High performance vs tick-box cultures

ImageIf you were to design your own organisation from scratch, would it look like it does now?  Probably the answer is no.  Organisations evolve and functional areas which served a purpose at the time of establishment may become less relevant over time, yet we retain them because, well, we’ve always done things this way.  As the organisation evolves, so we see more controls and systems and processes creeping in to bind together the otherwise rather disparate strands of the organisation.

There is a danger in all this that we evolve into a tick-box culture – one in which everything is driven by rules, regulations, systems, controls and processes.  You find that, in order to spend a small amount of money on the organisation’s behalf, you have to get a capital expenditure authorisation signed by three directors.  You can’t take a day’s holiday at short notice because the rules won’t allow it.  And the tighter the controls, the less freedom you have to make decisions without having to gain committee approval.

The tick-box culture (TBC) may be necessary in some environments.  If I found myself on an oil-rig, I would want to know that it’s not ok to light a cigarette and throw away the match.  Here, the rules save lives.  In knowledge-based organisations the rules may just be plain silly.

In a high performance culture (HPC) the rules and regulations are a given, and sufficiently rigorous to prevent chaos, but sufficiently relaxed to allow freedom of thought and action.  People see the rules as a support, rather than a driver, for what they do.

Let’s take an HR example.  In a TBC, managers set objectives by a specific date, because the system tells them they have to.  There’s no enthusiasm about the process and many do it grudgingly to ‘get it out of the way’.  Similarly, they complete appraisals by a specific date to appease HR, when really the whole process is getting in the way of their day job.  Finally, they sit down and half-heartedly produce a personal development plan with each staff member, usually at the eleventh hour before the HR Department’s imposed deadline.

In an HPC, managers understand the organisational strategy and their own department’s role in supporting that strategy.  Objective setting is taken seriously and objectives are directly tied to strategic aims.  Appraisals are encouraging, supportive and developmental and the personal planning which results from the appraisal is genuinely designed to help the individual develop and grow both for their own and for the organisation’ benefit.

Try this:

HPC——————————————————|————————————————-TBC

Mark on the line where you see your organisation now.  Indicate with an arrow whether it is moving more towards the HPC or TBC end or standing still.

Now mark on the line where you see yourself.  Is your mindset more in line with the HPC or TBC?  Which way are you moving?

Finally, mark where you believe those with whom you work closely would place you on this line?  And which way do you think they would imagine you are moving, if at all?

If you are closer to the HPC than the organisation, what can you do to change it?  What small changes can you make in your own work area which shift you and your team closer to the HPC?

If you don’t make those changes, are you in danger of preserving or promoting something mediocre, which you could change for the better?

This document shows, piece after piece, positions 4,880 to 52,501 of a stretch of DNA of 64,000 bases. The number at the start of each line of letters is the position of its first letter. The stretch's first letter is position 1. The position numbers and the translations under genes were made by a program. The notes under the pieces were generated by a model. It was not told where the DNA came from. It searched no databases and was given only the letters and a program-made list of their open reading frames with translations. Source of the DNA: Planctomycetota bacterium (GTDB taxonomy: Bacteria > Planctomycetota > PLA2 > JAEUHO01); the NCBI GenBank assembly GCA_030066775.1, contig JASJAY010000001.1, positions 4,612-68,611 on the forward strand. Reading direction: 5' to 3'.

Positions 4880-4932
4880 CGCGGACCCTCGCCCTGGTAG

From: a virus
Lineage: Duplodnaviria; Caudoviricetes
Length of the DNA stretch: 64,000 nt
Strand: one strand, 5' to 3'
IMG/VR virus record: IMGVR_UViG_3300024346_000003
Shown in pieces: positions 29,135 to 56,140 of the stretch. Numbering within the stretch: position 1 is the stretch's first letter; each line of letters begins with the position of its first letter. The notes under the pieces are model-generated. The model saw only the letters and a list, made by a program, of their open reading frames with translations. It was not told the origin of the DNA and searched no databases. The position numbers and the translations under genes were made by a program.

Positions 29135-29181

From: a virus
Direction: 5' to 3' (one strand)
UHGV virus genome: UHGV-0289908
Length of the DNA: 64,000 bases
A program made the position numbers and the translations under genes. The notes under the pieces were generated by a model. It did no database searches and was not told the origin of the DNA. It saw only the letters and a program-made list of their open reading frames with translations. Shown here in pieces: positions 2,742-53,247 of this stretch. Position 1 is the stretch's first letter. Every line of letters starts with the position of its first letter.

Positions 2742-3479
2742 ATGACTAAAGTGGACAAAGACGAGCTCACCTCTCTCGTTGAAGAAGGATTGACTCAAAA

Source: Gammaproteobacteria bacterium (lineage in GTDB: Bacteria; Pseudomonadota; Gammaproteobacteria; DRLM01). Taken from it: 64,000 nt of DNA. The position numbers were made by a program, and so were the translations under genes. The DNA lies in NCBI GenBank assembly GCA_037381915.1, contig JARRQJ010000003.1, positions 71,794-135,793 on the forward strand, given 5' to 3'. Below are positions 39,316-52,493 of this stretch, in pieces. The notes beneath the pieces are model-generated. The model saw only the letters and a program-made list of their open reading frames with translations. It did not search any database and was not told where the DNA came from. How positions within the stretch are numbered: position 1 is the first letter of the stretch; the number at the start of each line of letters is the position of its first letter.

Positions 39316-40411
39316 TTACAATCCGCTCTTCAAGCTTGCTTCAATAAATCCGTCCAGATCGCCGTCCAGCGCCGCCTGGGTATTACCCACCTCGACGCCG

To discuss management/leadership development, soft skills training, business strategy development, public speaking or facilitation, please do give me a call on +44 161 929 4145 or email me at david@davidcotton.co.uk

Wasting your energy – misdirected selling and ROI

I am quite a fan of David Maister, author of “The Trusted Advisor”.  One of his ideas which particularly impressed me is about how we target the wrong people when selling our services.  In professional services, we can divide the world into clients and non-clients and people who are and are not aware of their needs.  The greatest return on investment comes from clients who are aware of needs.  It’s an easy sell to them – we already have a good working relationship, they have some measure of trust in our ability and they have already identified a need for some particular offering from us.

The next easiest category is clients who are not aware of their needs.  Again, the trusting relationship is established and, if we work diligently to understand their business or the market forces which may affect their business, then it’s reasonable to propose work which can be really useful to our clients.

The third area for work on a diminishing scale of return on investment is with non-clients aware of a particular need.  Now we enter the world of bids, competition and beauty parades.  The tendering process is long, expensive and painful.  It may yield nothing, and time spent on it is non-billable and an overhead.  It cuts into time when we could be doing chargeable work.

Finally, the area of least likely return is the non-client with no established needs.  These are the cold prospects, and warming them up is hideously time-consuming and expensive.  They are on our wish-list – organisations we want as clients but to whom we have nothing material to offer.

The paradox is that most organisations spend most of their non-billable (hugely expensive) time chasing categories three and four, instead of focusing their energies on categories one and two.  And that focus is about moving up the relationship ladder, from the lowest category, acknowledgment, through understanding, acceptance, respect, trust and finally to bond.  If we take the time to develop our established relationships, we use our energy more productively, selling appropriately and getting a better, cheaper and quicker return on our investment.

If you’d like to talk about management or leadership development, soft skills training, business strategy or organisational development, please do give me a call on +44 161 929 4145 or email me at david@davidcotton.co.uk.